But above all, he was given the label “fighter.”
Aniello, 13, was diagnosed with osteosarcoma – bone cancer in his left femur – in 2010. After undergoing chemotherapy and several intensive surgeries, which involved giving him a prosthetic leg, his health began to improve. A routine checkup showed nodules in his lungs, but those were removed and he was back in school, ready to play baseball and prepare for eighth grade. But in April, Aniello started feeling sick again and doctors found the cancer spread throughout his body and to his mouth. He died July 27.
Frank Redente, operations director at Farnam Neighborhood House – where Aniello played basketball and attended a summer program, said he “always gave 100 percent. He never slacked off.”
With a look of determination behind the smile on his face, Aniello was driven to beat cancer, succeed in school and play hard in athletics, which Redente said he was “exceptionally good at.” Aniello played basketball, baseball and soccer.
“He was a powerful guy and he hit the ball with power. He was also a great teammate” said his uncle, Alderman Al Paolillo Jr., D-17, who was his coach for Annex Little League and is also the Board of Alderman majority leader.
Aniello, who began his baseball career around age 6, stopped playing sports when he started chemotherapy but continued to support his teammates in every sport he played. He would make pizzas with his father, Luigi Cappetta, at his restaurant, Cappetta’s Italian Imports, and deliver them to the team during weekly basketball games.
“Chemo may have taken his ability to play but he didn’t allow it to take his involvement with a place he held dear,” said his step mother, Kristyn Cappetta.
When he wasn’t helping his teammates carry trophies after a win or celebrating an undefeated title, he could be found riding quads, soap box racing, cooking or skateboarding.
In everything he did, Aniello always loved to be around people, his family said
“He loved working with the customers at his father’s restaurant,” said his step-mother. “He was always trying to push his uncle out of his position at the front register because Aniello believed he managed the business better.”
While Aniello was active in the New Haven and West Haven communities, his family said academics came first and everything else followed. Several years ago he hit a hurdle and had to repeat third grade but then everything changed.
“That’s when his academic career took off,” said Paolillo, who held up his last report card showing seven As, including three A pluses.
“He’s been fighting for years but for him it was everyday life so there was no moaning, no groaning, he knew what he had to do,” said Andrea Calandrelli, a teacher at Nathan Hale School and Aniello’s mentor and tutor.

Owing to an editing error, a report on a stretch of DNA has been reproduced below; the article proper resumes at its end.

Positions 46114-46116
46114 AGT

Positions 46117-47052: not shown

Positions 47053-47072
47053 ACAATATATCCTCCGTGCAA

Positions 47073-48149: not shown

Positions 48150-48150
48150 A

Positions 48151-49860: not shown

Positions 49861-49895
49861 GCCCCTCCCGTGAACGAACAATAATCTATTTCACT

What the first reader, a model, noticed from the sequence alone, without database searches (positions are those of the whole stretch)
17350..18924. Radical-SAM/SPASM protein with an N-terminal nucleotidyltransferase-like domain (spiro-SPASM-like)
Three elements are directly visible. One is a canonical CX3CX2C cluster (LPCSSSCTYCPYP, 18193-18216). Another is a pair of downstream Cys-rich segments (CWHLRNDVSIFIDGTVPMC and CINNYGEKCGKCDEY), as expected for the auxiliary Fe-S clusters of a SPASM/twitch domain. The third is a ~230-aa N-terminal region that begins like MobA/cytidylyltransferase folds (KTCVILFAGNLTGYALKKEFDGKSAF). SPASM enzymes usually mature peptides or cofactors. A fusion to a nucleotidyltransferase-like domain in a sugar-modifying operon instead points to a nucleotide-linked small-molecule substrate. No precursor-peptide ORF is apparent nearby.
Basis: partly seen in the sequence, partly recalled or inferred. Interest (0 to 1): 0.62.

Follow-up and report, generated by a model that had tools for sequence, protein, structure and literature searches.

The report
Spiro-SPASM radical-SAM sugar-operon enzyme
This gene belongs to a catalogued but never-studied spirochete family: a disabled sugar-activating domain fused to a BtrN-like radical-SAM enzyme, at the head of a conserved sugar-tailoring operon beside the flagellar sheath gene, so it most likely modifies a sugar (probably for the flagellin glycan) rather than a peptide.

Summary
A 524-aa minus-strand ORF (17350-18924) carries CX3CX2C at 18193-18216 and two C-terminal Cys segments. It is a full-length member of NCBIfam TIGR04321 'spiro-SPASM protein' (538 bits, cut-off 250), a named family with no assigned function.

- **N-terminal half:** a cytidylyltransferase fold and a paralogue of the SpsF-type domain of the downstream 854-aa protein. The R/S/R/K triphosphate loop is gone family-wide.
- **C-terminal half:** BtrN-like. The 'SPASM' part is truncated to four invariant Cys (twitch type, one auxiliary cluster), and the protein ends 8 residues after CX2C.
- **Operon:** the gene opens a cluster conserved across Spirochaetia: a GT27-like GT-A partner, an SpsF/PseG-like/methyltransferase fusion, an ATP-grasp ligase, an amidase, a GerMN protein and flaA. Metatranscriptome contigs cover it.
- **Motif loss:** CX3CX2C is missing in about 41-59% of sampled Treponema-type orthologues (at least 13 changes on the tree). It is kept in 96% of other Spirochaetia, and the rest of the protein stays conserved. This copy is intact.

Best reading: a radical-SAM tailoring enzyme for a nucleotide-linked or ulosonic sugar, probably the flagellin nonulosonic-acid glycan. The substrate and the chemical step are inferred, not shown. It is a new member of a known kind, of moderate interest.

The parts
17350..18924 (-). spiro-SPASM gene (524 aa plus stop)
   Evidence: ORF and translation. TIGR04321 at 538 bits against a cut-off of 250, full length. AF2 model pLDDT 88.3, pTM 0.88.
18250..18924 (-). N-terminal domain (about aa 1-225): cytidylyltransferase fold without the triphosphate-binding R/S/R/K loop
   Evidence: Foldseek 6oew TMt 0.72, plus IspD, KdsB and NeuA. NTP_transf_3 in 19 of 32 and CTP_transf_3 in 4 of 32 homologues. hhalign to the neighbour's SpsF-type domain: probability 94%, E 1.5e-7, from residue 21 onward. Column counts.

Calandrelli recalled when Aniello, who was getting around school via crutches or a wheelchair, got his last progress report.
“He hobbled into my classroom and said ‘I really want to bring up my history grade. Is there extra credit I can do? Is there a test I can take?’ He always wanted to know what he could do better,” she said. “With mundane things everyone says ‘I can’t, I can’t. But he never said I can’t do this because I have cancer.”
Sal Punzo, administrative consultant at Nathan Hale and the president of Annex Little League said Aniello’s teachers loved him.
“He was always respectful,” said Punzo. “And when he walked into a place, he brightened up the room.”
Paolillo joked that Aniello, who weighed about 125 pounds at one point, spent more time in the lunchroom than in the classroom.
“He was a heavyweight fighter packaged inside a 90 pound body at the end,” said Paolillo
“He was always a fighter. And he was a kid who could be a role model for everyone – adult or child,” added his mother, Anissa Paolillo.
Aniello attended St. Anthony’s Church, where more than 1,000 people lined the sidewalks for his funeral service this week.
“People said ‘that’s a tribute to your family’ but I said ‘no. That’s the kid. He was everywhere.’ Look at the impact a person can have at 13,” said his grandfather, Al Paolillo Sr.
“This child in his short 13 years held many titles, values and memories,” his father and step mother added. “But to us, he was ‘Niel,’ the strongest, bravest person we have ever met.”
His family expressed gratitude toward community members, hospital staff, school officials and everyone else who supported Aniello through his fight.